Technology can’t save election

I think that it was at about 3 a.m., while sitting at Bill McBride’s after-election party at the Westshore Marriott, that a profound sense of deja vú set in.

I returned to a small hotel room two years ago in Clearwater, filled with political consultants, all eyes on a 15-inch television screen. We were waiting for word on who would be the next president of the United States.

The reason for the anxious waiting and intoxication in 2000: a disastrous election that left Floridians going to bed hardly knowing which way was up.

And this time around, after two years and millions of dollars spent to improve the election process, things are pretty much the same.

In South Florida, one precinct didn’t open until noon while others opened hours later than the 7 a.m. start. Also, precincts didn’t begin reporting returns until hours after they closed.

First, there was Duval County, which didn’t give correct ballots to the correct people and disenfranchised at least one voter.

And don’t forget Orange and Union counties, whose returns were so messed up they had to hand count some of their punch-card ballots.

“Is that a dimpled or hanging chad?” “I dunno.”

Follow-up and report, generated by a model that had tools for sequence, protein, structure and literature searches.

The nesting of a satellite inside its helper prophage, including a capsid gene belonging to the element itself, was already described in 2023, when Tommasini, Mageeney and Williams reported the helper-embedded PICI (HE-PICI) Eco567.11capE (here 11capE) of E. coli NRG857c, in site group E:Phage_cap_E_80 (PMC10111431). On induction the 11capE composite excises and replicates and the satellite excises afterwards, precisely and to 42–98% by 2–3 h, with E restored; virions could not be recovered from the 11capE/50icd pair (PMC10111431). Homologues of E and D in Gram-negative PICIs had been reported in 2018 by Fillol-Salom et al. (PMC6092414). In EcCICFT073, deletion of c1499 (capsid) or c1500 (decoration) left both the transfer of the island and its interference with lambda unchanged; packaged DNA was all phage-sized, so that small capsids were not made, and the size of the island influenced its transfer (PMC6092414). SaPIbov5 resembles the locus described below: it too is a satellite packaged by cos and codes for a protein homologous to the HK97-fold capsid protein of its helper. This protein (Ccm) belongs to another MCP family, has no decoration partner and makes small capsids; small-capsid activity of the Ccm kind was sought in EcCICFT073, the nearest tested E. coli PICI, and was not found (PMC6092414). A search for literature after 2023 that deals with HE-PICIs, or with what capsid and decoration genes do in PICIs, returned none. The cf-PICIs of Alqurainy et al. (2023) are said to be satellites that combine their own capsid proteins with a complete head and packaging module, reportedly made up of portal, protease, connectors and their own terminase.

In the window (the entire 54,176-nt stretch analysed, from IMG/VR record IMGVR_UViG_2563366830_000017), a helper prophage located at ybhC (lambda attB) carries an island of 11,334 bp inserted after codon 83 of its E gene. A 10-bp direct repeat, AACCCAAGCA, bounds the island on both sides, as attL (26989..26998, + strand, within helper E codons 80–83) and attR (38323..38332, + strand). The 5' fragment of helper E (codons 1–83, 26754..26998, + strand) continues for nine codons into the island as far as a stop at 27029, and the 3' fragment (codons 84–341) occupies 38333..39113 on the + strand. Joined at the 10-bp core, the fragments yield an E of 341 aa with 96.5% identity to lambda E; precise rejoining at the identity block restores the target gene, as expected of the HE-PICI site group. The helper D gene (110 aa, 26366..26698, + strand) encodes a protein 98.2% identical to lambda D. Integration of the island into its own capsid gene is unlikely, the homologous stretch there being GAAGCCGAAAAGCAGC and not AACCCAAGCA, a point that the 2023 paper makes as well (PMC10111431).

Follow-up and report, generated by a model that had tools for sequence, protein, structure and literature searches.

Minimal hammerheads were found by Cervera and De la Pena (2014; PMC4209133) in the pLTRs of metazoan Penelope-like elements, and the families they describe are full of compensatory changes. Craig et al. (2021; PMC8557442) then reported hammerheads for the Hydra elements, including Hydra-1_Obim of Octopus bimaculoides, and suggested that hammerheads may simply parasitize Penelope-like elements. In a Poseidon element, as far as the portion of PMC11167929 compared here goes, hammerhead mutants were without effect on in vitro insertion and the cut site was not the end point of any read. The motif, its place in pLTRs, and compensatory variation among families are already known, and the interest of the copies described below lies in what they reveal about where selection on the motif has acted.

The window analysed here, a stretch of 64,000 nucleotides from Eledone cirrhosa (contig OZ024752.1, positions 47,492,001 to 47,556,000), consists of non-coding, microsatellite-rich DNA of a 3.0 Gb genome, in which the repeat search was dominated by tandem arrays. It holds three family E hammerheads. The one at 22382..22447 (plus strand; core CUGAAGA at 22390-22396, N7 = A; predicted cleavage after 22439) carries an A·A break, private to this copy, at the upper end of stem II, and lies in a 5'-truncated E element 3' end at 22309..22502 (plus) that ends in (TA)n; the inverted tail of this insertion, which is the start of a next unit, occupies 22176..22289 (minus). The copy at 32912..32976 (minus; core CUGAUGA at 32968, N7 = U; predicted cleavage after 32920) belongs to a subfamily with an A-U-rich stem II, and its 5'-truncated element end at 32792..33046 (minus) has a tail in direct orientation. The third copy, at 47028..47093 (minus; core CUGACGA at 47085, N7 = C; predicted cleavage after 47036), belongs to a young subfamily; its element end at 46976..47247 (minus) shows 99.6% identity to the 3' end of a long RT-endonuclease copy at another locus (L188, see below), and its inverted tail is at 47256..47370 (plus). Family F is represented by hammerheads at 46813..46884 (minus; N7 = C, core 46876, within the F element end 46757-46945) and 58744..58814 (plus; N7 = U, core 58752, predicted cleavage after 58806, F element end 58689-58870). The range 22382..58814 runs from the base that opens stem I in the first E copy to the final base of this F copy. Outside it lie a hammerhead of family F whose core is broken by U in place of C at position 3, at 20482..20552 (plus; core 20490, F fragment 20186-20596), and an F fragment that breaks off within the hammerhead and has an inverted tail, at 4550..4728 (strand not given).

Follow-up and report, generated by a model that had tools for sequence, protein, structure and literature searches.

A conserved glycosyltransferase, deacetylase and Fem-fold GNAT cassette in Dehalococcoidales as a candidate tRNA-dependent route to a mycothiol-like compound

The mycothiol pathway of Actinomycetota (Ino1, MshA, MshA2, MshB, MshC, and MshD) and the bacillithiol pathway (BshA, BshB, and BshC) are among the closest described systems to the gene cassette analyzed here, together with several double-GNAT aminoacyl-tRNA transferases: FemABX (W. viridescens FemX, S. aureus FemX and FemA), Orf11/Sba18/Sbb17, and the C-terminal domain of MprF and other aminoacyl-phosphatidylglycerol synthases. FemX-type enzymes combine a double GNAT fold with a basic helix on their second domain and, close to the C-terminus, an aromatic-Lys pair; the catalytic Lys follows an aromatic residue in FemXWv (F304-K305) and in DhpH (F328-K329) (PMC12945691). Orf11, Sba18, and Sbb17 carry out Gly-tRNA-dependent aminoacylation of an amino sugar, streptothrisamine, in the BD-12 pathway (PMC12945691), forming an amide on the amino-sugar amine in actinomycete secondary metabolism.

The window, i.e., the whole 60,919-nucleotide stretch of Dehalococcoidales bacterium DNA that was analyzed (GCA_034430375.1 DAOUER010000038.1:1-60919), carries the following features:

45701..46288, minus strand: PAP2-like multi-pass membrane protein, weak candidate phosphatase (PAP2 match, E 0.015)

Florida, considered for two years a mockery when it comes to elections, has reclaimed the title of “Gooberville, U.S.A” with Tuesday night’s election disaster.

But how did this happen? We were promised newer, faster and easier returns with 33,000 new touch-screen voting machines in 26 counties across the state. What we actually got is confusion, frustration and uncertainty.

The reason: People don’t know what they’re doing.

Even the current Secretary of State Jim Smith was dumfounded by the debacle, incredulously pondering, “What have county supervisors of elections and the secretary of state’s office been doing for two years?” The confusion stems from two things: poor planning and, in some counties, poor execution.

Two examples of how the election should have been run statewide come from Hillsborough and Pasco counties. Supervisors of Elections Pam Iorio (Hillsborough) and Kurt Browning (Pasco) have been preparing for this election for months. Browning made all poll workers go through more than 10 hours of training on the new machines. The results: Pasco was one of the first counties to report, with Hillsborough having nearly flawless reporting as well.

Now, take a look at Miriam Oliphant and David Leahy, the supervisors of elections from Broward and Miami-Dade counties, respectively. Neither had adequately prepared poll workers for what to expect Tuesday. Many workers arrived at the polls at 7 a.m., not knowing the machines might take a couple hours to warm up.

By the time the machines were ready for operation, hundreds of voters had been turned away, some of whom were not anticipated to return, even after Gov. Jeb Bush extended polling hours to 9 p.m.

One woman I talked to Wednesday night mused at how we have the technology to fly missiles into areas as small as a chimney, but we can’t create voting machines that can accurately and efficiently register everyone’s vote.

While it’s funny, her statement is inaccurate. For the most part, it’s not the machines at fault; it’s the people who run them.

Joe Roma is a junior majoringin political